- The impact of Covid-19 continues to be felt in various ways among religious communities. In Israel, there is rising concern about how some ultra-Orthodox groups are flouting bans on public gatherings and even still holding synagogue services. An entire town, Bnei Brak, has been cordoned off by the Israeli authorities because the Haredi Jews who live there were seeing rocketing rates of coronavirus infection, many times higher than the general population. Many ultra-Orthodox do not have the internet, TV, radio or smartphones, hampering efforts to spread public health advice.
- Donald Trump has now abandoned his plan to lift the US lockdown in time for “packed churches” on Easter Sunday and has announced he will himself be tuning into a service live streamed by the pro-Trump Californian pastor Greg Laurie in California.
- Elsewhere in the same state, public health officials have linked a huge Slavic church in Sacramento with at least 71 cases of Covid-19. The senior pastor of the Bethany Slavic Missionary Church has been hospitalised with a severe case and services have now been suspended.
- Police in New York have been forced to break up a large gathering of ultra-Orthodox Jews who had congregated for the funeral of a popular rabbi who had died from Covid-19. New York City is the epidemic of America’s epidemic and has seen more than 2,000 deaths already.
- Some US megachurches have continued to holding Sunday worship, while Florida’s governor has issued an executive order exempting places of worship from the state’s social distancing laws. Dozens of other states have similar exemptions. Although almost all major denominations have ordered churches to close, some grassroots movements have sprung up to resist this, while a number of independent evangelical megachurches have chosen to continue meeting. Many pastors who have chosen to continue public worship argue the state has no authority to restrict religious activity, while others have even suggested the coronavirus pandemic has been overblown or is an attempt by the Devil to hinder Christian witness.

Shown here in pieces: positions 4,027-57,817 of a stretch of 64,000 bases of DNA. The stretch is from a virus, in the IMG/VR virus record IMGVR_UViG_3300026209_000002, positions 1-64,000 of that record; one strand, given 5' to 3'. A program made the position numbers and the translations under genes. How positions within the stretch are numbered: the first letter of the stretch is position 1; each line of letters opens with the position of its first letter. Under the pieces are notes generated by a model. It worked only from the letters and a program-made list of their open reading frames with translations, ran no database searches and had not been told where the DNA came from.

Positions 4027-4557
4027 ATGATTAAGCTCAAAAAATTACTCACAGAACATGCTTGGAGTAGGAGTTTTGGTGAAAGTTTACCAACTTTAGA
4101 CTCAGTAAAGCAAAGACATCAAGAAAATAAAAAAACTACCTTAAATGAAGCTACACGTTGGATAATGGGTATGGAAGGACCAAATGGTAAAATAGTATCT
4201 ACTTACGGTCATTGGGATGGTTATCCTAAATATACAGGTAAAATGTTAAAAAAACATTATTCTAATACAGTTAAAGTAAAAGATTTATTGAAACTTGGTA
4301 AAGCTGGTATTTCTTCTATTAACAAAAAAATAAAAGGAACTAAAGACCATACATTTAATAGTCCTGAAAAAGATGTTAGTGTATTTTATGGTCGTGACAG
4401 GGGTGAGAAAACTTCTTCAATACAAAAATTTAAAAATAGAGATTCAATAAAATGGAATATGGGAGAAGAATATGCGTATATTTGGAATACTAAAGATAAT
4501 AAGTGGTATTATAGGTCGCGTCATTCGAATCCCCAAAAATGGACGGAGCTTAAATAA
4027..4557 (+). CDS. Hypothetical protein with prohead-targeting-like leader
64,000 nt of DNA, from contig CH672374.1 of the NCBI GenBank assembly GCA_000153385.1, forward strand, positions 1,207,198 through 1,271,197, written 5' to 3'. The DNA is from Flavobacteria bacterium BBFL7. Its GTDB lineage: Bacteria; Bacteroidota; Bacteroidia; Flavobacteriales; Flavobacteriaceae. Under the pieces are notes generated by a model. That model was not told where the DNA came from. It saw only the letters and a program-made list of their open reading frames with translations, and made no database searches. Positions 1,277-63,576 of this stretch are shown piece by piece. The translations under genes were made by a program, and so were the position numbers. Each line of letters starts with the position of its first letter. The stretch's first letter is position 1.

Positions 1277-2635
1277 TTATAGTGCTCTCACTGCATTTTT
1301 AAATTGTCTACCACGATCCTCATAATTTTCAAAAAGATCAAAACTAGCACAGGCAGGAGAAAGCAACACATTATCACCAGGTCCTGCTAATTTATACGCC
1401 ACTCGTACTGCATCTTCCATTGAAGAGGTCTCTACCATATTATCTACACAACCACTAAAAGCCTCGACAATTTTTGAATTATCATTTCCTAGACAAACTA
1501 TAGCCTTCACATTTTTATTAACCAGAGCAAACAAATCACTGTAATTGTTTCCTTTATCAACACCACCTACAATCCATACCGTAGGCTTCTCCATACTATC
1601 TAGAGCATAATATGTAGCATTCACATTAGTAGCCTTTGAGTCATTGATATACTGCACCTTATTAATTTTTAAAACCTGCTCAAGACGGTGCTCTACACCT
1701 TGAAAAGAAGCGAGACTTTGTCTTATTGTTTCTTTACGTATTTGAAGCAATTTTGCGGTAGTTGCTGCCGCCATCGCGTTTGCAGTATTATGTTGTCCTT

- An Islamic missionary group in Delhi has been blamed by India’s government for speeding the spread of the coronavirus. A crowd of about 2,500 people – including hundreds from overseas – gathered at the Tablighi Jammat’s headquarters in Delhi in defiance of strict rules banning large meetings. About 650 so-called super-spreaders from this meeting have now tested positive across 14 states in India, while the leadership of Tablighi Jammat have gone into hiding from the police.
OTHER RELIGIOUS NEWS
- Away from the coronavirus pandemic, the election of Keir Starmer as the new Labour leader has prompted a thaw in relations between leading Jewish community groups and the party. In his victory speech, Starmer vowed to tear out the “poison” of antisemitism in the party by its roots, and has already written to Jewish community leaders asking to meet.
- An evangelical Christian charity has reached a financial settlement with three men who were abused by leaders associated with its holiday camps in the 1970s. The Titus Trust, which is the successor to the organisation which ran the Iwerne camps, has issued an apology to the victims of John Smyth, a leading QC who – it was revealed before he died in 2018 – used to beat young men in his garden shed whom he had got to know during the holiday camps. A group of victims and survivors of abuse has called for the Trust to disband.